It would be wrong ever to question the sincerity of Peter Bonfield. Associates judiciously describe him as 'very capable, determined, fair' but the word most frequently applied to him is 'straightforward'. Stories abound too about his toughness and stoic adherence to pure logic - stories which go far to explain how he could risk the fury of a nation with a step many others would have shied from. Like when he closed down ICL's Letchworth factory where his father, now dead, had worked for nearly 50 years, despite protestations from his mother. And the admission from the chief himself that though he often gathers people around him to thrash things out, 'If there's any doubt, we do it my way.' Touche. Bearded and high browed, Bonfield is, at 47, still young to be routinely named as one of the more powerful men in the computer business. A canny lad who, at an early age, transformed into a rigorous businessman, he has peddled himself, his views and his company on an international stage, nonplussed if he should ever rub a politician up the wrong way. 'He's actually made himself quite unpopular in some quarters,' a colleague reveals with clear admiration. Largely due to Bonfield's efforts, ICL is now the fourth biggest computer company in Europe. Its new parent Fujitsu, through the ICL link, has moved up to world number two next to IBM.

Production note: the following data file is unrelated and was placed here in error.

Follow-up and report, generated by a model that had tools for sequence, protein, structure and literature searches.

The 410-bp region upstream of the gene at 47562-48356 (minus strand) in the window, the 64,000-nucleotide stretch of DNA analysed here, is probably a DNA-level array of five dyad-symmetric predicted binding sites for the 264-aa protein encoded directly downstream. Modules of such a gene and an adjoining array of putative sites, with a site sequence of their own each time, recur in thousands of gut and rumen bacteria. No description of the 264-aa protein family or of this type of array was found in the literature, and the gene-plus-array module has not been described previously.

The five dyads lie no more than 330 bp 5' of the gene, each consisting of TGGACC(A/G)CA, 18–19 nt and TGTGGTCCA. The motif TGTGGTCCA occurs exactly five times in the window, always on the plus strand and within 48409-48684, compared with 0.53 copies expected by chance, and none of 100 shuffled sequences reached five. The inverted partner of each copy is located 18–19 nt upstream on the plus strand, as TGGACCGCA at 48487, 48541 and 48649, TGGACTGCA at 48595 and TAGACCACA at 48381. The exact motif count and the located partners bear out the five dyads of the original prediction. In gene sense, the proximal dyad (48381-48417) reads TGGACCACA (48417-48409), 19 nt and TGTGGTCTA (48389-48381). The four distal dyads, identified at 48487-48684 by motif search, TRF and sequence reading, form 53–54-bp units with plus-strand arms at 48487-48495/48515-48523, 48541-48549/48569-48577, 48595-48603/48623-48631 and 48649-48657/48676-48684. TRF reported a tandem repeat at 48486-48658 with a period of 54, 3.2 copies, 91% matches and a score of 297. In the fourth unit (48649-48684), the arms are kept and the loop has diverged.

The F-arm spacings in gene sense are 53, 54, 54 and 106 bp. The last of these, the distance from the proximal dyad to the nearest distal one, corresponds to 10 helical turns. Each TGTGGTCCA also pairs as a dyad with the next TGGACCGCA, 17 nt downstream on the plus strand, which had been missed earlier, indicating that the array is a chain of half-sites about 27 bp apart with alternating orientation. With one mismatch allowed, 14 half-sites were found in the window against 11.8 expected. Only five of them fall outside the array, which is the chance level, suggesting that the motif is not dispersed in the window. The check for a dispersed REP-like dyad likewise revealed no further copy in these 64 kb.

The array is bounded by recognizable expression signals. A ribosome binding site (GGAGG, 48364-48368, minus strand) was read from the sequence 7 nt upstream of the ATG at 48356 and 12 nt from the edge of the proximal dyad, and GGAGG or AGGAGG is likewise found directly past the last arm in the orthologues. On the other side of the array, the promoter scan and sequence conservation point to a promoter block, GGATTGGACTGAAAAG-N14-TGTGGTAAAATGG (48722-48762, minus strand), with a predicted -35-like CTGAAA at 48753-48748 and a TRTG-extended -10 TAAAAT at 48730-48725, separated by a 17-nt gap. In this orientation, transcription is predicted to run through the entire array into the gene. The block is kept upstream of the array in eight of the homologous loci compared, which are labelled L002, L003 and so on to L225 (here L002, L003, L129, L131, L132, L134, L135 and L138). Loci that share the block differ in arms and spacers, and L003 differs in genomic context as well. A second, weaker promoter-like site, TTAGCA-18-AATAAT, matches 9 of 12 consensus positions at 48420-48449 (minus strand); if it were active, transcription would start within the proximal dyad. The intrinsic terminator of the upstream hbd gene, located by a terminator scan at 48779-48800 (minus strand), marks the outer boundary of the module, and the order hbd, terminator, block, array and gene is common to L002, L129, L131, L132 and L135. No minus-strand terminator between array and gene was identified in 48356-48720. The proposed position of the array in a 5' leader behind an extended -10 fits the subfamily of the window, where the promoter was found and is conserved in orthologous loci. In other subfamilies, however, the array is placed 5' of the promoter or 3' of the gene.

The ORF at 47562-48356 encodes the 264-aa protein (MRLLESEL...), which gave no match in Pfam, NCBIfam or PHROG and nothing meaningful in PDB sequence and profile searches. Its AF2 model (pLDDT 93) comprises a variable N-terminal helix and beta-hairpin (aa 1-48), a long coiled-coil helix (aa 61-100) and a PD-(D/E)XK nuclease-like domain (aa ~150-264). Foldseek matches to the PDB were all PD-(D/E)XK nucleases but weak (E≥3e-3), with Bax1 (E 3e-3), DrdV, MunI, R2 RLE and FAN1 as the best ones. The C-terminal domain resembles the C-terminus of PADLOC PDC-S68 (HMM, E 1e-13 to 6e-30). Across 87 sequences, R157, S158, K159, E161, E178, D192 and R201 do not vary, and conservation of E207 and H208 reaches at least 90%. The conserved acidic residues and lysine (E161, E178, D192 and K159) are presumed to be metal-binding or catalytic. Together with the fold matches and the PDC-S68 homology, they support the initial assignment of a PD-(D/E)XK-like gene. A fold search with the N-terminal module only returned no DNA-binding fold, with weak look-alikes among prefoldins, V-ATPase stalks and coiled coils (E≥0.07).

In terms of his reputation, Bonfield reeks of success but somehow, the description seeming most apt, and instinctively chosen by a close staff member, is that Peter Bonfield CBE - tuned in manager and advocate of the simple life - is a 'funny guy'.
Possibly it is the rogue accent and clumsy use of words in one so prominent. (He tied for top mention as worst public speaker in a recent computer magazine contest.) Or it could be the numbing effect of the box-like, '60s-style office over looking Putney Bridge, with its soft foam furniture, pine desk and large stick-up planner plotted with coloured plastic bits - mapping out every day of his life for a full year ahead.
One observer sums Bonfield up as a wysiwyg - computer speak for 'what you see is what you get'. But it is hard not to suspect that what you see is only the rough-cut surface in smooth-cut clothes. Pare this to the core and it wouldn't be surprising to get a sniff of something explosive. 'He never spares himself,' a friend says tellingly.